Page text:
Israeli Foreign Minister Moshe Dayan, citing "good progress" in the Egyptian-Israeli peace talks, said yesterday that the outcome of the negotiations could be determined at a New York meeting today between Prime Minister Menachem Begin and Secretary of State Cyrus R. Vance.

After a meeting with Vance, Dayan was asked by reporters if the three-week-old talks on a peace treaty are nearing completion. He answered: "Well, almost."

However, Dayan added that neither the Israeli nor the Egyptian negotiating team in the U.S.-mediated talks has sufficient bargaining authority to overcome certain remaining obstacles, and both would require more flexible mandates from their government.

For that reason, Dayan said, Vance's meeting with Begin could be especially important. He noted, "Many points that we don't have a mandate to agree about or even discuss would come up between the secretary and the prime minister."

The meeting with Begin, who arrived in New York yesterday to begin a private U.S. and Canadian visit, has triggered growing seculation about whether the Carter administration is giving him a calculated cold-shoulder treatment.

Although President Carter also will be in New York today, the White House has insisted there will be no meeting between the two leaders. That has been interpreted widely as a sign of the administration's displeasure over Israel's controversial decision last week to expand its settlements on the West Bank of the Jordan River.

In the face of this growing speculation, both White House press secretary Jody Powell and the State Department spokesman, Hodding Carter, denied yesterday that the administration was trying to administer a snub to Begin.

"There has been no request for a meeting." Carter said. "There has been no turndown. The issue has not arisen. There has been nothing in the works on either side."

Begin, on his arrival in New York, denied that he was disappointed at not being able to see Carter. He said: "I don't think President Carter would snub me. Why should he? We have had very cordial relations within the past few days and I know our efforts for peace are going well."

But despite the denials, the administration is known to be concerned about the issue of Israel's West Bank settlements, and it is expected to play a big part in the talks between Begin and Vance.

All sides reportedly are trying hard not to let the settlements issue impede the drive toward an Egyptian-Israeli peace treaty. However, the administration, in looking ahead toward the next stage of the effort to achieve a comprehensive Middel East peace, is fearful that the Israeli action will be seen in the Arab world as an effort to strengthen Israel's claims to the West Bank, and make such key Arab states as Jordan and Saudi Arabia reluctant to join the peacemaking process.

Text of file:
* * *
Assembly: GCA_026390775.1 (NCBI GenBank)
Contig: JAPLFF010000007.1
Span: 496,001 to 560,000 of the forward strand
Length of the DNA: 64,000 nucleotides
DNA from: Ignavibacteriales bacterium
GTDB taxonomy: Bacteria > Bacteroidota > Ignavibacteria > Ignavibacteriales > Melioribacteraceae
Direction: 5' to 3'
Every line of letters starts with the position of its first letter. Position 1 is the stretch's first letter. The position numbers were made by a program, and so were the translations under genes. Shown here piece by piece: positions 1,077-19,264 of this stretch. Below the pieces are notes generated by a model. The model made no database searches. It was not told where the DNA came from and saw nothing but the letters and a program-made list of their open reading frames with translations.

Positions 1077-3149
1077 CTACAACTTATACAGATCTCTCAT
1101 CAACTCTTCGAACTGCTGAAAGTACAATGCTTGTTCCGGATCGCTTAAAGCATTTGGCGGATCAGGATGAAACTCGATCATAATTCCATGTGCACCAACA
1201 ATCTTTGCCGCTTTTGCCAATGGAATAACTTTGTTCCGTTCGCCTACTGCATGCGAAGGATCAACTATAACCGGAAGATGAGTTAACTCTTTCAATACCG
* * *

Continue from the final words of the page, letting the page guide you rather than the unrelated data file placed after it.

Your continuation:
Another matter expected to figure prominently in the Vance-Begin talks involves Israel's bid for substantial U.S. financial aid to offset the costs of Israeli withdrawal from the Sinai peninsula after a peace accord with Egypt is concluded. Some estimates of what Israel reportedly is asking run as high as $4.5 billion.

Since this is essentially a matter between Israel and the United States, the question of compensation hasn't been addressed in the three-way talks here. But there has been speculation that Begin might demand a firm U.S. commitment on aid as a condition for Israeli agreement to a peace treaty.

The tug of war over financial assistance was underscored earlier this week when the administration postponed a planned visit by Assistant Scretary of Defense David E. McGiffert to Israel. He was supposed to discuss the costs of the Israeli military redeployment from the Sinai to Israeli territory.

The administration has refused to discuss its reasons for deferring McGiffert's trip. However, it is known that Washington, despite its denials of a linkage, believes that progress toward resolving the question of financial aid should depend on progress toward reaching a treaty.

The United States so far has made no formal commitments about how much it is willing to pay Israel; the feeling in the administration is that for McGiffert to go to Israel now would constitute a tacit acknowledgment that some kind of commitment has been made.

Before doing that, the administration wants to see further movement toward a treaty agreement. But if the anticipated progress does become evident in the peace talks, the expectation is that the McGiffert mission will be quickly rescheduled - probably shortly after McGiffert's scheduled Nov. 13 return from a Far Eastern trip.

Begin, on his arrival, spoke in upbeat terms about the outlook for the negotiations. He said: "There are still problems and there are a number of good chance we shall overcome them and have a peace treaty."